After the performance, he took me to into a small bar backstage. We found the singer on a barstool, swiveling back and forth as she sipped mineral water from a bottle. She had changed from the stage maxidress into a white cotton shirt over skintight blue jeans tucked into knee-high platform boots.

“Melinda,” she said as she stretched out her long hand to greet me.

Up close, under neutral lighting, and without stage makeup, her big eyes and high cheekbones stood out. Her long straightened hair was still combed back, slightly covering her ears, from which hung her trademark, dangling gold earrings. Her dark skin looked smooth, like velvet, and her wide smile revealed a perfect set of white teeth.

“You are beautiful,” I said. “With a golden voice.”

“You are beautiful, too,” she returned the compliment, “but I can’t say anything about your voice, because I have not heard you sing.”

“Thank you,” I said. “I don’t have my mother’s voice. She was a singer. But she confined it to our local church.”

“Really? What a coincidence. My mother sang in church,” Melinda said. “I sing in the same choir sometimes.”

Just then a tall, broad-shouldered, light-skinned man appeared and growled something. I felt rather than saw Zack tense up.

“Meet Zack’s fiancée,” Melinda hastened to say, snapping the standoff between the men. “Mugure, this is my husband, Mark. He comes for me every night. Doesn’t trust the red lights.”

He smiled and shook my hand, nodding to Zack, almost. The change from near hostility to hospitality was fleeting but unmistakable.

We left. Zack let me know that he had dated Melinda for a few months during their college days at New York University. They had lost contact after graduation but, through sheer coincidence, met up again at Edward and Palmer Advocates, where she did some consulting.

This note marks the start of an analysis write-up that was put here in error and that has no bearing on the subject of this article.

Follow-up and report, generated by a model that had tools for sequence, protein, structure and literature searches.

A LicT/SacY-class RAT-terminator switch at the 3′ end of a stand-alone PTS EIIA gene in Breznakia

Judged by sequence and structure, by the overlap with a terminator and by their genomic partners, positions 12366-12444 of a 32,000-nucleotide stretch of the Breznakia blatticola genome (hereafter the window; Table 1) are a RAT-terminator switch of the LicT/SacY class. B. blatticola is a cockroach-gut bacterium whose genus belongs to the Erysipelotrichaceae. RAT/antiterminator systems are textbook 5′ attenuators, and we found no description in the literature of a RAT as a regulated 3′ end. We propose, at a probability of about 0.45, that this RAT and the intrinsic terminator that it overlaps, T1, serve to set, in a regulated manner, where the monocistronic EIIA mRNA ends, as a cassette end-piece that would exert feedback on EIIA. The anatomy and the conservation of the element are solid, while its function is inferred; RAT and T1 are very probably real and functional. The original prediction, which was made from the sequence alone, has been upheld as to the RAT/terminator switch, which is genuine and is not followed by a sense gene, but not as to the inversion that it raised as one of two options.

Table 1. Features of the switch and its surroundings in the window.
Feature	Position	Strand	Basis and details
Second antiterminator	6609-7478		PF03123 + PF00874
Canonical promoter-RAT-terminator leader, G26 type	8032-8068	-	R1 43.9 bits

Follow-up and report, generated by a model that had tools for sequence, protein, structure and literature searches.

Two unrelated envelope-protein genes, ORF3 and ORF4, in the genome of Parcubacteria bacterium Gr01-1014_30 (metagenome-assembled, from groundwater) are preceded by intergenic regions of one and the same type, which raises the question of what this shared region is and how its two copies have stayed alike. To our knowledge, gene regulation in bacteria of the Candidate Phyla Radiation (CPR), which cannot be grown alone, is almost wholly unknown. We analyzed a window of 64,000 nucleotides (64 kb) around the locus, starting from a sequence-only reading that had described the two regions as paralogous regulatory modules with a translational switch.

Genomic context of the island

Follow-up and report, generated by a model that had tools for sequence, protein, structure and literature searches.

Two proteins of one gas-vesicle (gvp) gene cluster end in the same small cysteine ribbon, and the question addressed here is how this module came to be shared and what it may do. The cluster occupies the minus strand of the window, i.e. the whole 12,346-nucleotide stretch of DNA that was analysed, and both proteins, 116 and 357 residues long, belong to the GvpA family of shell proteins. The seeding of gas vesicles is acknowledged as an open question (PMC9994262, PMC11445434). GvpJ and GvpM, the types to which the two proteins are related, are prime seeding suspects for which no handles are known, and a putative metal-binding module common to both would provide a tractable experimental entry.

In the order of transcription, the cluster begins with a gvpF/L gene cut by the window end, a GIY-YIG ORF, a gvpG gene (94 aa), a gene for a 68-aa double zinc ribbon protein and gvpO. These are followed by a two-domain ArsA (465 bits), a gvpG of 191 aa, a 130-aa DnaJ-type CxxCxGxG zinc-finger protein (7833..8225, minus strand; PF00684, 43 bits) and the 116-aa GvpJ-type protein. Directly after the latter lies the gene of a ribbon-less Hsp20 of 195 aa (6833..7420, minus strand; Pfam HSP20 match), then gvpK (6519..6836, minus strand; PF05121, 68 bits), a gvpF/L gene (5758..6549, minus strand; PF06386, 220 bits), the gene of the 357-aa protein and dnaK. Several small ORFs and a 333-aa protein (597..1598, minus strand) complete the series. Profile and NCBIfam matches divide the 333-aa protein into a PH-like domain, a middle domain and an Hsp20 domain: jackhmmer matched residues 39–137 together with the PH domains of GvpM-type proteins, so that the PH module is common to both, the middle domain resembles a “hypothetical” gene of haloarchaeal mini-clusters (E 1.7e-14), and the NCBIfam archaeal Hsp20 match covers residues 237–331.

“She’s a lawyer?” I said, even more amazed at her many talents.

“No, a financial analyst.”

“Who sings in nightclubs and churches?”

“Yes, but don’t underestimate her. She’s excellent with computers. Call her director of virtual reality,” he said, laughing.

“Fascinating,” I said. “How does she manage it?”

“With different names. Black Madonna for the club and Black Angel for the choir,” he said.

“And as financial analyst?” I asked.

“Meli Virtuoso,” he said. “But she plays herself. Melinda.”

“And Mark?”

“He’s Afro-Mexican but can easily pass for white. Extremely wealthy, humble beginnings, vast landscaping empire. He’s established a virtual monopoly in and around the tristate area. We’re friends, but he blows hot and cold. He can’t get past the fact that Melinda and I once dated. The fiancée thing was meant to reassure him.”

Despite the lighting and the smoke, or perhaps because of them and Melinda’s voice, Shamrock was addictive, and as Zack and I became lovers, we became regulars. Many people seemed to know Zack, and we saw quite a few on and off the dance floor.

That’s why I didn’t see it as odd when, one night, a gentleman in a dark suit bumped against us several times, with Zack deftly avoiding a collision. During the break, the suited gentleman left his partner, followed us to our table, and pulled out a chair. Then he casually took out a small gun from inside his jacket, put it on the table, and covered it with his large palms. Zack put a protective arm around me. I was speechless with terror; my eyes never left the gun.